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  1. #1
    Mustafa Umut Sarac's Avatar
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    Kodachrome Secrets

    Photo Engineer , Do you know the secrets of kodachrome ? Can you post whatever you know about the greatest film ?

    Best ,

    Mustafa Umut Sarac

  2. #2
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    There are none. That is the secret.

    It is a set of B&W emulsions processed in a B&W first developer and 3 color developers. If the old color developers are used the old color gamut is attained, and if the new color developers are used, the new gamut is attained.

    Nothing magic about it.

    It can be done at home, and you can even duplicate it using tricolor exposures on TriX Pan and 3 color developers then laminating the film together.

    No magic, just hard work.

    PE

  3. #3

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    Darn Photo Engineer you gave away the only 'secret' I know about Kodachrome.

    Happy B&W shooting. Grin.
    When I grow up, I want to be a photographer.

    http://www.walterpcalahan.com/Photography/index.html

  4. #4
    dmr
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    I'm not a technogeek by any means, but a totally fascinating description of Kodachrome, and of Kodachrome K14 processing is in a set of documents describing the theory and operation of the K-Lab processor, the machine that does, or did K14 processing. I thought I had it bookmarked here, but apparently not. Google it. If you can't find it I may have it bookmarked on the machine at work.

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    Photo Engineer's Avatar
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    DMR;

    There are the patents to read as well. I don't have the references here, but they give the entire process that can be used.

    PE

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    AgX
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    Mustafa,

    The fascinating thing about Kodachrome (1st version) to me is that, after chromogenic development of all three layers with the same coupler, by sheer control of diffusing time of a dye-bleaching solution it could be achieved that one single layer was spared. Then doing it all over again…

  7. #7
    Mustafa Umut Sarac's Avatar
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    Photo Engineer , Are patents from Kodak ? There are 7000000 patents at uspto and hundreds may be thousand of them using kodachrome term.
    I think I am interested in 3 color developers. Can you write more and give us specific patent class least for this process. Or you can copy and paste from united states patent office lists as a reference ? There are zillions of chemicals and your eye can select them.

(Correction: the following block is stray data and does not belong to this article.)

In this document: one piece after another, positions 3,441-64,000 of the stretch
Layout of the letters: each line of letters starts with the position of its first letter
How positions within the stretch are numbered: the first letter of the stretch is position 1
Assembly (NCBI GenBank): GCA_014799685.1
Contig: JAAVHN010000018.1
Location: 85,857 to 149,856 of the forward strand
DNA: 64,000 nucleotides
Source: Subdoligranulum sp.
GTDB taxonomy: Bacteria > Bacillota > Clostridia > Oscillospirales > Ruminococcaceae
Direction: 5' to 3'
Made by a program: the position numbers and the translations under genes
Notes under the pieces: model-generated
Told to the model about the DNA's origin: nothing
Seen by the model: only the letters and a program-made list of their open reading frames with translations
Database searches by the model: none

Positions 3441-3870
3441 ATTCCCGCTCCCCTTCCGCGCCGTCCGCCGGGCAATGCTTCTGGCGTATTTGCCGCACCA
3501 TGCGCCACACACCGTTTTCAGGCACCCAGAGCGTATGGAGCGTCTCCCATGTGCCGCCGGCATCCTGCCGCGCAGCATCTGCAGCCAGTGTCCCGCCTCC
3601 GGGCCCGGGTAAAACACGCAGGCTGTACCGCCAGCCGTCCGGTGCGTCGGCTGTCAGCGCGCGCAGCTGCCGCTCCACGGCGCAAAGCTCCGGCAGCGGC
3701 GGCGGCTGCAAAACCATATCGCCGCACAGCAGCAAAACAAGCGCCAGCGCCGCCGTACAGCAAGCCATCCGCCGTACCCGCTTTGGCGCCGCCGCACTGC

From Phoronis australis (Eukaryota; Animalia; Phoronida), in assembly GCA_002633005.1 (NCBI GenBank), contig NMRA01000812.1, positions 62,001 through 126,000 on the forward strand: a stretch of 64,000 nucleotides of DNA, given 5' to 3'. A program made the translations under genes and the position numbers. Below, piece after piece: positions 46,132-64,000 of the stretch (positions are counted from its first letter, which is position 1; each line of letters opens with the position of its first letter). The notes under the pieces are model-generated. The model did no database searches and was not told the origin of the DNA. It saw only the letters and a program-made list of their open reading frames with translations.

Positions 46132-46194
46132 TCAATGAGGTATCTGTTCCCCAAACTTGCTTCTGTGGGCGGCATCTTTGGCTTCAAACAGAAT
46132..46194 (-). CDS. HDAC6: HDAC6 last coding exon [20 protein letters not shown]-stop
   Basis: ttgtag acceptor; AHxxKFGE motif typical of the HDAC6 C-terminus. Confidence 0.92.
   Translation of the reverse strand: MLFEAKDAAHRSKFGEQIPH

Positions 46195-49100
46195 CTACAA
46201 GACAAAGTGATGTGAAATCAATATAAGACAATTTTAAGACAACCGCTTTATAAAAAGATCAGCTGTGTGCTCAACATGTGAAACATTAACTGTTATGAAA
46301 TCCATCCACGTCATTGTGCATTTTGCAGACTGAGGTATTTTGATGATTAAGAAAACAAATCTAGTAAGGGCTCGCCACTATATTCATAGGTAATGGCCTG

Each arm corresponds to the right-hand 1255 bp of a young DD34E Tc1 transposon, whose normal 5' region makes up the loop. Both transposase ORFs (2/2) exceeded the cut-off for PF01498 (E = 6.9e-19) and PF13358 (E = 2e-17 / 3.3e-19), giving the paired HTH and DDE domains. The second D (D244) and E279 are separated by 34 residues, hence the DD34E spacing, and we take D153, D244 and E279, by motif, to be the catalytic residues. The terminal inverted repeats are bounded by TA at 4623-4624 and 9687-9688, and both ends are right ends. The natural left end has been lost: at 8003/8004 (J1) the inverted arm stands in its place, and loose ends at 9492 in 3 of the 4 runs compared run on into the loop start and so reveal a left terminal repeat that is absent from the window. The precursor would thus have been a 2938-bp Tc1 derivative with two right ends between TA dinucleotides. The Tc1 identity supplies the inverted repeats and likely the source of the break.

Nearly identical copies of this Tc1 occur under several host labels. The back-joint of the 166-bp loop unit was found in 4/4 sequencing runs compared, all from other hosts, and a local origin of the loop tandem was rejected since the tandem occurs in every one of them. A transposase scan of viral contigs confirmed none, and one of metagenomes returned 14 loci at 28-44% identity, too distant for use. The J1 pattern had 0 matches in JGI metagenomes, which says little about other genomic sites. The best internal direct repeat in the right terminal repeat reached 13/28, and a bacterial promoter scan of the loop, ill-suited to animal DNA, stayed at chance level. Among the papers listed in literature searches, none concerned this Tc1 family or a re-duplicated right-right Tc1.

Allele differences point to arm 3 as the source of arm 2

I want to do this at home and i need your guide.

  8. #8
    Mustafa Umut Sarac's Avatar
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    Laminating ? I worked at a company which uses 4 color process proofer with heat lamination. I made hundreds of 2 meter long proofs. I think you are pointing this technology.

  9. #9
    dmr
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    Quote Originally Posted by Photo Engineer View Post
    There are the patents to read as well. I don't have the references here, but they give the entire process that can be used.
    Actually, I have followed a couple of your previously posted patent links.

    The problem with the patent docs is that you have to be a, well, uh, photo engineer to get the most out of them. I'm certainly not one.

    Out of your posts and the on-line documents, I have however developed a strong appreciation for the precision that goes into creating the film and processing it with such stunning results.

    I find the Kodachrome process fascinating. The precision at which the re-exposures are done without contaminating the other layers, the color developers, etc., all with very consistent results.

    Now, from reading the notes on the coating workshops, and how difficult it is to get a single layer coating, B&W only, it just boggles my mind to look at how many layers there are in Kodachrome (or Ektachrome or C41) and the precision by which those must have to be applied for such consistent results.

    Another thing that totally fascinates me (yeah, a bit off topic for this thread) is how the CD3/CD4 reacts to produce the correctly colored oxides or whatever the end result of the color development process is, and to have accurate and stable colors as well.

    These are all above my head a bit, but I admit some awe and fascination with them.

  10. #10
    dmr
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    Sorry for monopolizing this thread, but here's the link I referred to earlier:

    http://www.kodak.com/global/en/servi...uals/z50.shtml

    Part 3 is the one that goes into the nuts and bolts about Kodachrome and how the K14 process works.

    One very fascinating thing is the description on how to salvage a customer's film during a malfunction using a "trouble bucket", but I don't know how successful that actually is.

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